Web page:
being a mom

Call CPS: I Left My Kid In The Car Twice

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retro kid in carEvery summer, it’s the same; story after story of a baby that’s been left in the car. These stories typically end tragically, and bring with them a storm of sentiments. People who think people who leave kids in cars are horrible monsters. People who pity them. People who judge them.

It always gives me chills, because I’ve left my child in the car. Twice.

Granted, my experience was different than the ones you hear about. I didn’t forget my child in the car. She wasn’t in the car either time for more than 10 minutes. That didn’t make it less scary, it just made me feel like more of an imbecile.

See, when we first moved to Texas, I had a 2001 Ford Escape, a car I really loved and the first one that I didn’t need to outfit with pillows in order to see over the steering wheel. It was great, with the exception of one thing: the car locked even if the keys were still inside and the car is in park. My new car does not do this, but my old one would, and that combined with 100° days, is how it happened both times.

We were living in apartments, and because it got so hot, I got in the habit of parking my car, leaving the A/C running for my three-year-old, and then unloading the groceries before I got her out of the car so that I could He-man everything upstairs before she started to boil in her own sweat. One day, I accidentally leaned on the lock button before I closed the door, and I didn’t even realize that my daughter was locked inside the car with my cellphone until I went to open the back and felt my stomach drop down into my feet.

I ended up having to run into a neighbor’s unit and beg to use their phone, at which point, I had no idea what to do next. Call 911? I mean, it wasn’t really an emergency, since the A/C was on, and I’m sure they had murders and dismemberings and stuff to investigate. I ended up searching for a locksmith and calling them, only to hear:

“Ma’am, you have to call the police.”

“But she’s fine, the tank’s full and the air conditioning is on”

It pains me to admit it, but I was embarrassed. It was an honest mistake. She wasn’t in danger. Cops make me nervous. Did I really have to call them?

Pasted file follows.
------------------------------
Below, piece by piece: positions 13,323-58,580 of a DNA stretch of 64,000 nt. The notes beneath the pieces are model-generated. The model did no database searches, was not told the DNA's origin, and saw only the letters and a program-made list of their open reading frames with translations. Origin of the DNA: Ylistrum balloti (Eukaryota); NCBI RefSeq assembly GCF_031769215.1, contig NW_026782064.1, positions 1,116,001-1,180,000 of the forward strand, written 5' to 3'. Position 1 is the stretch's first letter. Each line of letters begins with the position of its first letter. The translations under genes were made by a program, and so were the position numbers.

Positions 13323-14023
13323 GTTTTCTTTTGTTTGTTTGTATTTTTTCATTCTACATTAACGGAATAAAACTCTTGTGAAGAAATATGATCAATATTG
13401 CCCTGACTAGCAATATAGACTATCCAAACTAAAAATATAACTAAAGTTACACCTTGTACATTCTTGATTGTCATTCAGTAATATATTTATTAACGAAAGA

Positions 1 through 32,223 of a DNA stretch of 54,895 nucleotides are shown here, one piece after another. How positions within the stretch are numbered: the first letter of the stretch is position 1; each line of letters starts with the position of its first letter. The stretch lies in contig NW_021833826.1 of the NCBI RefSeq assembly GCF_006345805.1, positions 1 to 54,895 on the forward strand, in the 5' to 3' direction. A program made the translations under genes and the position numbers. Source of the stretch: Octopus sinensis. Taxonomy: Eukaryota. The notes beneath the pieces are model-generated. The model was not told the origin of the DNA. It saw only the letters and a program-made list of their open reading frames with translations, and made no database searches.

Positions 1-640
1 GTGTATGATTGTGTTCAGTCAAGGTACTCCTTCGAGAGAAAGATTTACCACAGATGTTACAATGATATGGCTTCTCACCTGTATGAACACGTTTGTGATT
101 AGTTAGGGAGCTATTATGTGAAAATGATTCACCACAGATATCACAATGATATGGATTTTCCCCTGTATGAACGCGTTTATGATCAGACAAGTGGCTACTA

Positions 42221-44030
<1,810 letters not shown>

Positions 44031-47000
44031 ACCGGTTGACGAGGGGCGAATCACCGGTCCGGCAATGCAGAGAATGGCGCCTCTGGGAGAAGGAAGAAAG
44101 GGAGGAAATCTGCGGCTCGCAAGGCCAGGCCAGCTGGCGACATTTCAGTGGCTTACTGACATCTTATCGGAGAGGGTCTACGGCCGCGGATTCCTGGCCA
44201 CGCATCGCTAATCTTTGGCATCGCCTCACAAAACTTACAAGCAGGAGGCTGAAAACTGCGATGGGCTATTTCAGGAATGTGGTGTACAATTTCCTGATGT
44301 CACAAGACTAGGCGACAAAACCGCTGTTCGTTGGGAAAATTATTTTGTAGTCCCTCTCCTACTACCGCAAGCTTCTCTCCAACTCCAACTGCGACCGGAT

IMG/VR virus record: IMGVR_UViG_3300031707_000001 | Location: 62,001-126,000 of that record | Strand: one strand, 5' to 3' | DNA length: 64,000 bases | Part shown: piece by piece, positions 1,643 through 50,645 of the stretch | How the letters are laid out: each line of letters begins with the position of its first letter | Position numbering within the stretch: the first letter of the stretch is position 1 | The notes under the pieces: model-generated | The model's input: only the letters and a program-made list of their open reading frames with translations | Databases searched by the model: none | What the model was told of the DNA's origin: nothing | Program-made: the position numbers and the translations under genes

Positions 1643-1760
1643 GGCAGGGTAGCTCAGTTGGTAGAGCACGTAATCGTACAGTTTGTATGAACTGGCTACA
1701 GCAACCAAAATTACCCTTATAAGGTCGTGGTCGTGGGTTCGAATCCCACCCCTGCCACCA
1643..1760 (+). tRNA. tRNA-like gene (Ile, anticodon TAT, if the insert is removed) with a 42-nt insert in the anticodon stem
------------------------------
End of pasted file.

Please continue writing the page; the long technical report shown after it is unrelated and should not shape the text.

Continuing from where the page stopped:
They hung up on me. Inside the car, I could see my daughter, oblivious, bopping her head to whatever was on the radio. I walked over and tapped on her window, motioning down at the lock and hoping she really was the genius I thought she was, but she just stared at me. Then she made the connection; I was outside of the car, she was inside. Her face crumpled, and she started to wail.

I dialed 3-1-1, figuring that this would get me the police but not the EMTs. They also hung up on me. Finally I took a deep breath and started making faces at my daughter before dialing 9-1-1, which resulted in two fire engines and a cop car with all of their sirens on at my apartment complex, a panicked crowd of onlookers, and finally a jimmying of the lock that got my child out of the car so I could take her and all of the meat that had been spoiling in the sun upstairs.

The second time it happened, I felt like a professional baby-in-car-leaver. I actually felt my elbow hit the button as I was shutting the door this time, but it was too late for me to do much more than shout “FUCKBALLOONS” as the door clicked shut.

I just kind of sighed, pulled out my phone (which I had started keeping in my pocket and not my purse) and dialed 9-1-1. I was no longer embarrassed. It sucked that the fire brigade was meeting my in front of my husband’s work this time in front of all of his coworkers, but with a little perspective I could see it for what it was. A mistake that wasn’t going to result in the injury or death of my child. At least the police and fire department cared enough to categorize any incident of a child being trapped in a car as an “emergency”.

As embarrassed and horrified as I was, at least my kid was okay. I’d rather have the guilty sweats than an injured child.

And after I told this story the first time, I was surprised to find that more often than not it was met with commiseration, not judgement. Other moms doing shitty, dumb stuff that they are mortified about. Leaving kids in cars. With plastic bags within reach. Trusting them prematurely around chokable toys. Everyone’s done something mind-bogglingly dumb where there kids are involved.

So, at least we can all celebrate being inept–together.

(Image: Everett Collection/Shutterstock)